Nuts and Bolts: Learning from Your Own Work

I’ve written about reflective practice before, and recently had the opportunity to revisit strategies for that. Last month I spoke at London’s Learning Technologies conference; at the request of organizer Donald Taylor I offered up a presentation that integrated ideas around showing your work and learning from your own work, with ways that can support self-directed learning.

1. Talk about it

Explaining your work—talking through a challenge or rationale with another person—can help you understand it better, perhaps informing your future work. Author Pam Houston recently tweeted regarding an interview about her new book, Deep Creek, “I learned more about my own book as we talked.”

A quick exercise: Doctoral students are often exhorted to “practice explaining your dissertation topic until your grandma can understand it.” Can you do that with your job, a task, or a decision? It can help you get focus and clarity. What would you tell your five-year-old about the biggest, or oddest, problem of your day? Try it and see whether there’s something you can learn from framing it that way.

2. Get a witness

What would someone take away from watching you work? I offer a train-the-trainer course that includes work on examining one’s own facilitation style—an activity that begins with a graphic recorder creating a facilitation map (Figure 1) as I offer a 45-minute, active lecture-style session on using PowerPoint and other visuals effectively. (Briefly: The computer is at top left and the chart stand at top right. I am the X moving around the room. Arrows indicate conversation between me and participants. Dotted lines indicate participants talking to one another. Hash marks show the number of times I stated something and the number of times I asked something.) Teaching the class to decipher the map was not only an opportunity to examine what made for active lecture, but let me see areas of my own facilitation skills that were good (I am not married to the computer; I balanced telling and asking, leaning more heavily toward asking), and areas of concern (what happened with Georgia?) I find doing this from time to time helps me sharpen the saw.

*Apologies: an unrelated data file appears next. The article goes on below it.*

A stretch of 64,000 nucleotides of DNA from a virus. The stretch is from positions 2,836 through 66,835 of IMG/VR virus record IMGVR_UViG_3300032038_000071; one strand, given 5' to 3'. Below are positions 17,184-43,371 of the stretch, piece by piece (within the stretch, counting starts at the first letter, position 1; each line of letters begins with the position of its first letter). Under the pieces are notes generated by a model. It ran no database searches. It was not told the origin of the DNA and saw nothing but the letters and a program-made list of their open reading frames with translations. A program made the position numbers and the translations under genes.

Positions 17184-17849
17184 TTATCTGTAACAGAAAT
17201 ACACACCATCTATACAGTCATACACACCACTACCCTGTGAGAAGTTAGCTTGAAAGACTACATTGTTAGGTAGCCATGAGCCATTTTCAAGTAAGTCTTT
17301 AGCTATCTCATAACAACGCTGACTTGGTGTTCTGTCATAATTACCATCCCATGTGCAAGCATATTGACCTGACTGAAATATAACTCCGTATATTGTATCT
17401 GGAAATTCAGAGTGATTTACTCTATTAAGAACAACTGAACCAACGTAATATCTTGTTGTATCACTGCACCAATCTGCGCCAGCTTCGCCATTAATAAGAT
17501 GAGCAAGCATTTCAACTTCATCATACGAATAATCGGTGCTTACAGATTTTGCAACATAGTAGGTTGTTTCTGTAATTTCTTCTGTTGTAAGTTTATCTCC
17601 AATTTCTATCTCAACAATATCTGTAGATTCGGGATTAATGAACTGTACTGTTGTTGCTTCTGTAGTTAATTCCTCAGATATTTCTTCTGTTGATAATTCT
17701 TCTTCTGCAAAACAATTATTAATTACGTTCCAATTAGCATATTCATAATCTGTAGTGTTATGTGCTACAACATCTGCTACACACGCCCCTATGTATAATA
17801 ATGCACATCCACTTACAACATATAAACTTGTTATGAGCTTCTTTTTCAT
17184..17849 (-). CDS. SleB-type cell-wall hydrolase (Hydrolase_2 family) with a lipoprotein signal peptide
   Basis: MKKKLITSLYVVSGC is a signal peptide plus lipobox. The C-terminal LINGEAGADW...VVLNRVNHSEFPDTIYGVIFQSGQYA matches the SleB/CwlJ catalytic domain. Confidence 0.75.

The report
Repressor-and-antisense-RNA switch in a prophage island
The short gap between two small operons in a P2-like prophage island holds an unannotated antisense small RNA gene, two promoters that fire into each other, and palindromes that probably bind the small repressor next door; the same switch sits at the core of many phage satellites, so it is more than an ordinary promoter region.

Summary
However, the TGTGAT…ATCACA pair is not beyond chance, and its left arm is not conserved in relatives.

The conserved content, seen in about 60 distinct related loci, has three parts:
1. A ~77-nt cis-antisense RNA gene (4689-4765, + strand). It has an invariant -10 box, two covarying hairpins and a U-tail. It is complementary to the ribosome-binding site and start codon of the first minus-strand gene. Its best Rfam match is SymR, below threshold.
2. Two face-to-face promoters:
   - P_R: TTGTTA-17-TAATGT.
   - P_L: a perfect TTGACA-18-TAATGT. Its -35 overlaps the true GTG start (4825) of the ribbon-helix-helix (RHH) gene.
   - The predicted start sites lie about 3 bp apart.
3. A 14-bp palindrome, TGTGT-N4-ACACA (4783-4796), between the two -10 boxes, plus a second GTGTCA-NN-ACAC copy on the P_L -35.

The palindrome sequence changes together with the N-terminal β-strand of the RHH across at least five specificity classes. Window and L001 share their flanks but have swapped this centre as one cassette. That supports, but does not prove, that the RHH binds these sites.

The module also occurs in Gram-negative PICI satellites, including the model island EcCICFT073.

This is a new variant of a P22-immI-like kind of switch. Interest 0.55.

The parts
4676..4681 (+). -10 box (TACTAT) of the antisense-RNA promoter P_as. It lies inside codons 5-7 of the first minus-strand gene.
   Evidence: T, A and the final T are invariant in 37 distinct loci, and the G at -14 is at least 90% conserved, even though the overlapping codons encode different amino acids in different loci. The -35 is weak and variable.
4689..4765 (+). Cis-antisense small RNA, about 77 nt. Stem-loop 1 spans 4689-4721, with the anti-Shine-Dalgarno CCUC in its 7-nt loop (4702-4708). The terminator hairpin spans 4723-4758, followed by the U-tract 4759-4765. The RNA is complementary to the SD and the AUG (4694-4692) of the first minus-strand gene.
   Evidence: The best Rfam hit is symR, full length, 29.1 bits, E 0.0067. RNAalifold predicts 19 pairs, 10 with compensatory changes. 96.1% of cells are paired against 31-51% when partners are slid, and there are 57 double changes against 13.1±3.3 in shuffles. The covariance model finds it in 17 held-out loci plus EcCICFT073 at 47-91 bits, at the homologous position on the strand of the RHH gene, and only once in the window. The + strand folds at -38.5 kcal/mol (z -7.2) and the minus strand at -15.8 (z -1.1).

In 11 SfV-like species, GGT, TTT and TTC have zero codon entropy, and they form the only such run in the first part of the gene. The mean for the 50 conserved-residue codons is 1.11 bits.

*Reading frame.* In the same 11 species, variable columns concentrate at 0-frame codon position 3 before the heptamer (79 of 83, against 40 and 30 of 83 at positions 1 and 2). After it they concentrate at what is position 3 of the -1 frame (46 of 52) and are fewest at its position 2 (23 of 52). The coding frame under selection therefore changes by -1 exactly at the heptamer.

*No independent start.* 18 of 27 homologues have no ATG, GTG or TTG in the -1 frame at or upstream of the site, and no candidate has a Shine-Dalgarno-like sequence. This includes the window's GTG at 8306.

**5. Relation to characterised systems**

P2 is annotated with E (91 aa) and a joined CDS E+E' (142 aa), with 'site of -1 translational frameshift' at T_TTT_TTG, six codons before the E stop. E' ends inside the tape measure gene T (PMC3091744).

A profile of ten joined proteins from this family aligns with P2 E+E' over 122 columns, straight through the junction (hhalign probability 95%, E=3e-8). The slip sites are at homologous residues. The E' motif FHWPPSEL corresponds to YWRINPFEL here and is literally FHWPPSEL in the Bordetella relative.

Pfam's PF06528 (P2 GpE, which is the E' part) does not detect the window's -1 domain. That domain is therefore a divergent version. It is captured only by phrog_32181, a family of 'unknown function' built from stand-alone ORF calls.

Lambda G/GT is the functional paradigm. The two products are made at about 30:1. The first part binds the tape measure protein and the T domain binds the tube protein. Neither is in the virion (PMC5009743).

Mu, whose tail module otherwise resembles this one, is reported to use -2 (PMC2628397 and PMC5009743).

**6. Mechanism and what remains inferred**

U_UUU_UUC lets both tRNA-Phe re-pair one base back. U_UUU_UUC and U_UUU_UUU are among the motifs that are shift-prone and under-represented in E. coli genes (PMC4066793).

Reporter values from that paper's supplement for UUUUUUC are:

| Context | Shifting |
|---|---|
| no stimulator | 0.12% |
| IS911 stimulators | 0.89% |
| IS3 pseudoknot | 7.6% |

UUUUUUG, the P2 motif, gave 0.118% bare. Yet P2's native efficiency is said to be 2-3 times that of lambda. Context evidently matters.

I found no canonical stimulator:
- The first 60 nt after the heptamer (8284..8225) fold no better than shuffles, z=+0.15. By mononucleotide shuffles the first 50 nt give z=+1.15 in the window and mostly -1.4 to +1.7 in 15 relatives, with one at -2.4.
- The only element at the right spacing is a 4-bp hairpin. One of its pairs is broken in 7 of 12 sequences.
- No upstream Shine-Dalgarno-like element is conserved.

Facilitation map from classroom training session

Figure 1: Facilitation map from classroom training session

3. Save it for future reference

When you solve a problem, stopping to reflect by taking a photo, making a sketch, or saving a note can help it stick for next time you need it. I was struggling with the mountain of literature pieces for the eLearning Guild research report on learning styles when I remembered using this trick in grad school to organize the literature review chapter of my dissertation. It’s a grid that offers a quick overview of author/year, main thesis, methodology, findings, and notes about something particularly interesting (Figure 2).

Grid format for organizing literature

Figure 2: Grid format for organizing literature

4. Embrace Murphy’s Law of publishing anything, anywhere

Some hesitate to share work until it is in a final, perfect state, but sharing it might help you get it to that state. In a recent Facebook post (Figure 3) cartoonist Mary Engelbreit wrote, “It’s interesting to me that whenever I post a drawing I’m working on on Facebook or Instagram, I immediately see things that need to be fixed! I can’t see it before I post, for some reason, but it’s turned out to be a helpful tool.”

Cartoonist Mary Engelbreit reflects on the value of making work public

Figure 3. Cartoonist Mary Engelbreit reflects on the value of making work public

5. Take a breath

Before moving on to the next thing, just take a moment and ask yourself whether there’s something to be learned from what you just did. Consider:

• What did I do well?

• How closely did expectations match reality?

• If I did this again, what would I do differently?

• What surprised me? Shortcuts, problems, people, help?

• If this exposed any lack of knowledge or skill, how can I correct that?

• What did I learn from this?

Building quick reflection into your workflow will help you strengthen your future practice. And, please, share it when you can. Perhaps your experience can help make someone else’s challenges a bit easier.

Want to talk more? Catch Jane in person at the eLearning Guild’s Learning Solutions Conference in Orlando, March 26-28.

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